The American life insurance industry is comprised of nearly 1,000 individual companies. Collectively, these outfits are responsible for a national portfolio of outstanding life insurance policies worth over $18 trillion. Of course, most of this floating portfolio is comprised of term life policies that will expire worthless. Much of the rest is made up of whole or universal life insurance policies that produce interest and dividend income for their issuers. Many whole life insurance issuers earn tidy sums from these policies.
The country's life insurance industry directly employs tens of thousands of people and is responsible for hundreds of thousands of other jobs. Since many major life insurance issuers also sell other forms of insurance, it's difficult to quantify the exact number of "life insurance" agents working at any given time.
These major employers are responsible for many of the cushiest entry-level positions in the industry. Some publicly-traded providers offer generous compensation packages that include solid health and retirement benefits. After a typical probationary period, direct-selling agents may earn handsome commissions on the policies that they originate. Most of the companies that offer such benefits are mature, established firms with recognizable names.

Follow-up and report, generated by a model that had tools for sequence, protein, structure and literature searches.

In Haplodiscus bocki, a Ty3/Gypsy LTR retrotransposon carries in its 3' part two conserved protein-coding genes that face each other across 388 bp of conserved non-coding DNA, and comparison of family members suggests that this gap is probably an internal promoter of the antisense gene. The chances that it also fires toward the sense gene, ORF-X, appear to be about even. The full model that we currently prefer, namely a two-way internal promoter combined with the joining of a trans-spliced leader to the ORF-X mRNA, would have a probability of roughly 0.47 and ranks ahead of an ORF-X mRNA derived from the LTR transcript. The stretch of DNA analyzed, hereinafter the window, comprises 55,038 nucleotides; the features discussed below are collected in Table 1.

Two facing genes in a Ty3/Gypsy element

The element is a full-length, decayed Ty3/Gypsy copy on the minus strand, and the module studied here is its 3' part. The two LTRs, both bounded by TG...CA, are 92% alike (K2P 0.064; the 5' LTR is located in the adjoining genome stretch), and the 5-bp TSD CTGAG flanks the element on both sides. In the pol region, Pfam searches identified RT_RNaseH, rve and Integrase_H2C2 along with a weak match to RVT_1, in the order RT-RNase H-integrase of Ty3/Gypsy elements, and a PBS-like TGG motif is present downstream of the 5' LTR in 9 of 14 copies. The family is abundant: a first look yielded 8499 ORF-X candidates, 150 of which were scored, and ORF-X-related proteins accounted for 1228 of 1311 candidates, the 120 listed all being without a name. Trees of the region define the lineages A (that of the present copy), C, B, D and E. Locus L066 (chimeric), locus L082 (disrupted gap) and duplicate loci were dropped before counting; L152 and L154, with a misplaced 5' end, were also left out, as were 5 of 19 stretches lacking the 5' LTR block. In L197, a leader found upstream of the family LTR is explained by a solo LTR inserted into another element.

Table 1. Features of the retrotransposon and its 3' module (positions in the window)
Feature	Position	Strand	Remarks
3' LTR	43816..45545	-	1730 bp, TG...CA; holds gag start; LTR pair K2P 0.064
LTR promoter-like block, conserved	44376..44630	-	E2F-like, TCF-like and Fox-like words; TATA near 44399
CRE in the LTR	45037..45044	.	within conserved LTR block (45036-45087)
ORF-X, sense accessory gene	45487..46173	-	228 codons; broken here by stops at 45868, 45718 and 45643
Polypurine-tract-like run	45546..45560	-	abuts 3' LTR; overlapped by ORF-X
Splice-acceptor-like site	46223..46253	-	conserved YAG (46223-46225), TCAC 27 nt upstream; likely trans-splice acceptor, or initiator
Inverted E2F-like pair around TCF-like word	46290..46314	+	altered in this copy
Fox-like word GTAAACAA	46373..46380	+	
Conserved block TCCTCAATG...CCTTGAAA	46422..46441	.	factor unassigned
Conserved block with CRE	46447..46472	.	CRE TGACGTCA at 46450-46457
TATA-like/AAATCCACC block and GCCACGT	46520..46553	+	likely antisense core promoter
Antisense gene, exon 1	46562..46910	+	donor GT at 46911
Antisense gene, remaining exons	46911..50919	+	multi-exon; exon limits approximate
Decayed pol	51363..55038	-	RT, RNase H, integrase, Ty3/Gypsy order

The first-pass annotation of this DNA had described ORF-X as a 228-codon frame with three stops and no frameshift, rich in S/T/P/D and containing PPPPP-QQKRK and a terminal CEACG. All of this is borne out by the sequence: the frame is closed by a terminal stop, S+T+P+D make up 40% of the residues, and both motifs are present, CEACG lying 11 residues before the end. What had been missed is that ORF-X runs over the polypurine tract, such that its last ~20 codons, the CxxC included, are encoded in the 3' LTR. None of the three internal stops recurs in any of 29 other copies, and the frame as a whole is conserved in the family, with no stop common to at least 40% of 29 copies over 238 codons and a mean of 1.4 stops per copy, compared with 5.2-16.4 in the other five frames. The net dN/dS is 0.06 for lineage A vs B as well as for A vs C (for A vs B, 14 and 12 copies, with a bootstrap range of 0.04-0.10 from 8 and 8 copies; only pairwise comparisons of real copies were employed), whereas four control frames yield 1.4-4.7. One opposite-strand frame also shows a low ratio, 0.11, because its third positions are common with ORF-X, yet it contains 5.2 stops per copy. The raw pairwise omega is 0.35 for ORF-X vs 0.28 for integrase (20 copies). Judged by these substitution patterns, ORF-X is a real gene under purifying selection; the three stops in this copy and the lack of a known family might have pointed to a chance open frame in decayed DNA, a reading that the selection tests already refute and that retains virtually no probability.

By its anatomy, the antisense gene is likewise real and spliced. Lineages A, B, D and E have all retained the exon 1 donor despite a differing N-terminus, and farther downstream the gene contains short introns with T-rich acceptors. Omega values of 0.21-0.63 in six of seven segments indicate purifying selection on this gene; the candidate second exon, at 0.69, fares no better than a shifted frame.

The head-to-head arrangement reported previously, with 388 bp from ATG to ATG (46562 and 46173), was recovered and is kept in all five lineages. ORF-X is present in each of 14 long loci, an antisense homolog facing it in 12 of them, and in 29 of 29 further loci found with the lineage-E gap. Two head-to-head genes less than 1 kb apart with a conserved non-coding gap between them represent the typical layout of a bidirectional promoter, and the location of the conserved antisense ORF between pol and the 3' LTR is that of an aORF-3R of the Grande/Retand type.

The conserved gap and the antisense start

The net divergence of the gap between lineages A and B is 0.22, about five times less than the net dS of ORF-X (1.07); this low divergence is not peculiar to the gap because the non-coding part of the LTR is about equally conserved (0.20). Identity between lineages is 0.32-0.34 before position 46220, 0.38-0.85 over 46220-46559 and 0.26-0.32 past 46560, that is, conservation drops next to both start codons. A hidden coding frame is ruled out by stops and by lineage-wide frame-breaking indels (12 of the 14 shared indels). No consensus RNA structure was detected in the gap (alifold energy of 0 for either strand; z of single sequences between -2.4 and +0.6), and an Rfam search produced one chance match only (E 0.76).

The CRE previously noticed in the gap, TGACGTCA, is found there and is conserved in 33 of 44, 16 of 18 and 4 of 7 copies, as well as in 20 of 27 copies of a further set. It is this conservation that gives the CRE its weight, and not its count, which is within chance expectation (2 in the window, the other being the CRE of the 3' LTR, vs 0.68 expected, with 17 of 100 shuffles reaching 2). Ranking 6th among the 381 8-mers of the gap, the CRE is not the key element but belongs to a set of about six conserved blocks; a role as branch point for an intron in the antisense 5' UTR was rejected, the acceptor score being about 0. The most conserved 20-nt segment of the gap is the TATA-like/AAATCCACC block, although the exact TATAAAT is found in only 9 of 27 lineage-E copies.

Allstate, State Farm and Northwestern Mutual are reputable insurance providers that pay competitive salaries and commissions. As larger concerns, these companies have well-defined corporate hierarchies and tend to promote from within. Competent agents tend to earn regular promotions and may eventually occupy positions of relative importance. In addition, these companies' reputations may help smooth the way for agents who wish to change providers or careers. Across the industry, managers and executives generally respect Allstate, State Farm, Northwestern Mutual and other similar companies. Former agents from these companies may transition easily into high-ranking positions at smaller or younger life insurance providers.
Other life insurance providers offer fewer employee benefits and lower starting salaries. However, these outfits tend to make up for these shortcomings by paying competitive commissions and offering generous "overrides" for management-level employees. The corporate culture at these companies tends to be competitive and individualistic.
While some experienced agents who transfer from other companies may thrive in cutthroat environments like these, most find such competition distasteful. Successful life insurance providers that operate in this niche often hire young agents willing to work long hours for low starting salaries. Primerica Financial is well-known for taking this approach. To boost employee morale and retain talent, this company offers generous override packages to its "team leaders."